and even cause the individual to think about suicide. This response is
    perhaps more pronounced in Chinese culture.

    If "making and maintaining friendships" and "having positive, warm
    relationships" are the most important factors that make people happy
    (Berscheid, 1985), they are even more important for Chinese people. As the
    foundations of Chinese culture, Confucianism, Buddhism, and Taoism all
    emphasize the importance of building and maintaining positive human
    relations. Because of the cultural tradition and especially the political
    structure in the communist regime, guanxi (connections, influence, or a
    good relationship with people) has become the key to success for people in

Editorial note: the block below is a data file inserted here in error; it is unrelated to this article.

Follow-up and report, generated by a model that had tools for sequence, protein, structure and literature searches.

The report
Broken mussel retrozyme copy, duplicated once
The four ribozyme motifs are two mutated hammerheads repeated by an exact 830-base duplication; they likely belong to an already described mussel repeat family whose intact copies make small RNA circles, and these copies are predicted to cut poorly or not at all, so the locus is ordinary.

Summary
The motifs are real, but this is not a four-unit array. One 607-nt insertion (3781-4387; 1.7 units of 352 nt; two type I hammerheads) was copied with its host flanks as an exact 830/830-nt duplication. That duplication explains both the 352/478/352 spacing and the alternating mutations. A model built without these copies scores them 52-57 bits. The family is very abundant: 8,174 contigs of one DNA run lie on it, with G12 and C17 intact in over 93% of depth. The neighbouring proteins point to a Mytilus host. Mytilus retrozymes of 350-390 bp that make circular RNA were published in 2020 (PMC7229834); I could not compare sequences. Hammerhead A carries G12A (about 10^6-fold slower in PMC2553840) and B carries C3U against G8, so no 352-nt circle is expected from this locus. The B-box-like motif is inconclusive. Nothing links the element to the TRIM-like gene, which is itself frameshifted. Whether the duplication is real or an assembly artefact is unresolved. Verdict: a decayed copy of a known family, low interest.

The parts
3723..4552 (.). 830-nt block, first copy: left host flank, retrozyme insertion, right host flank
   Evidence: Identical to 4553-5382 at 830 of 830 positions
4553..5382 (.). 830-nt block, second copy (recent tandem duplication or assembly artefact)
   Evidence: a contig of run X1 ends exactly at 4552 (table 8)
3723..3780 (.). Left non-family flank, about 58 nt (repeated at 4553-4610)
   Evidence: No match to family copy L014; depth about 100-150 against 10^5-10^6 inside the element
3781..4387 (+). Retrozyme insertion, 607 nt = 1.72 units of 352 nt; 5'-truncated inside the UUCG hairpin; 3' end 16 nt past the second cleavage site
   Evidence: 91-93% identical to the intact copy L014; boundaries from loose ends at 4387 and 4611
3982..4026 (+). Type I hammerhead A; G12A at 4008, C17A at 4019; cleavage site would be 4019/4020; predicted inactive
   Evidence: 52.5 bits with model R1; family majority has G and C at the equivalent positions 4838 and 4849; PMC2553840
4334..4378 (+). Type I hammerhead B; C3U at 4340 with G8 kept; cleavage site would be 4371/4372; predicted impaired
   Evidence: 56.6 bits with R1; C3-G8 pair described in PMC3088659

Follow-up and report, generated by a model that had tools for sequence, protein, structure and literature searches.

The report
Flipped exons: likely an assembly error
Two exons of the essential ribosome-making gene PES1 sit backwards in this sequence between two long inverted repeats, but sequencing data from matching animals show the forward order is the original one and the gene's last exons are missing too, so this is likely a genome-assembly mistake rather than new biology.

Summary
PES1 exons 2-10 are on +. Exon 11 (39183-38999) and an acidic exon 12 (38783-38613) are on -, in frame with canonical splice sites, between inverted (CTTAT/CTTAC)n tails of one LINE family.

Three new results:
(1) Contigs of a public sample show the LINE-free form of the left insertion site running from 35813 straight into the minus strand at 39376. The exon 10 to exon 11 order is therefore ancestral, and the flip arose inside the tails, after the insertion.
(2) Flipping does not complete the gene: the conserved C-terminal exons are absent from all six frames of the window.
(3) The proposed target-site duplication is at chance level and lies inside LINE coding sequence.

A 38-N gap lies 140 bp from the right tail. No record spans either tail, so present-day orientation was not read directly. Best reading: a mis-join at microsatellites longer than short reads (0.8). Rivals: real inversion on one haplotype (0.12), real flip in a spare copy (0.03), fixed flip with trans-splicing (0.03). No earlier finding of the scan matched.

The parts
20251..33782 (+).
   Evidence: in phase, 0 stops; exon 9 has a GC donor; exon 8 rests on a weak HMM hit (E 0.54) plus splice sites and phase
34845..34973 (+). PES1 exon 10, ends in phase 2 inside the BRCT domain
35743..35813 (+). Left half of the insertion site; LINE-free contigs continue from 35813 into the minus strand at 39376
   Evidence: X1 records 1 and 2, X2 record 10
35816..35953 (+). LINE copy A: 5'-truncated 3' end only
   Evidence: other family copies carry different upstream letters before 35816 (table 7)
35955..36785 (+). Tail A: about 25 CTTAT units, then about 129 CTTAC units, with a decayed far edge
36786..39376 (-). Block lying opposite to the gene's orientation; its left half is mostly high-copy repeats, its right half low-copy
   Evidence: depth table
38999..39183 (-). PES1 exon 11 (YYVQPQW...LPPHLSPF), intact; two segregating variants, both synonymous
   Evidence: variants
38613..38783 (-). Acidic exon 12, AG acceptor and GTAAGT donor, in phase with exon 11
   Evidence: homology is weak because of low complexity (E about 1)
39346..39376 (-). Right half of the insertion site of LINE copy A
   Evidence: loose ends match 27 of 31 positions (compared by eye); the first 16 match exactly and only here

China. An informal observation indicates that ordinary Chinese people, who
    want to be successful at work have to spend about 50% to 70% of their time
    and energy dealing with relations with colleagues and bosses at work. For
    Chinese people, a good interpersonal relationship means much more than
    happiness.

    That interpersonal conflict and difficulty in interactions are more
    important than social isolation in predicting Chinese people's suicide
    ideation does not necessarily rule out Durkheim's thesis of social
    integration. However, few studies have been conducted for suicide and
    suicide ideation in China, and Durkheim's theory, which was developed in
    the West, may be inadequate in explaining the phenomenon in the East. More
    research is needed to test Durkheim's proposition for the Chinese
    population.

    Address correspondence to Jie Zhang, who is now at the Department of
    Sociology, SUNY College at Buffalo, Buffalo, NY 14222. E-mail:
    ZHANGJ@buffalostate. edu.

    TABLE 1
    Demographic Characteristics of the Respondents

    Variable          Valid cases                 Valid %

    Gender              1,417                      100
     Male                 721                       50.9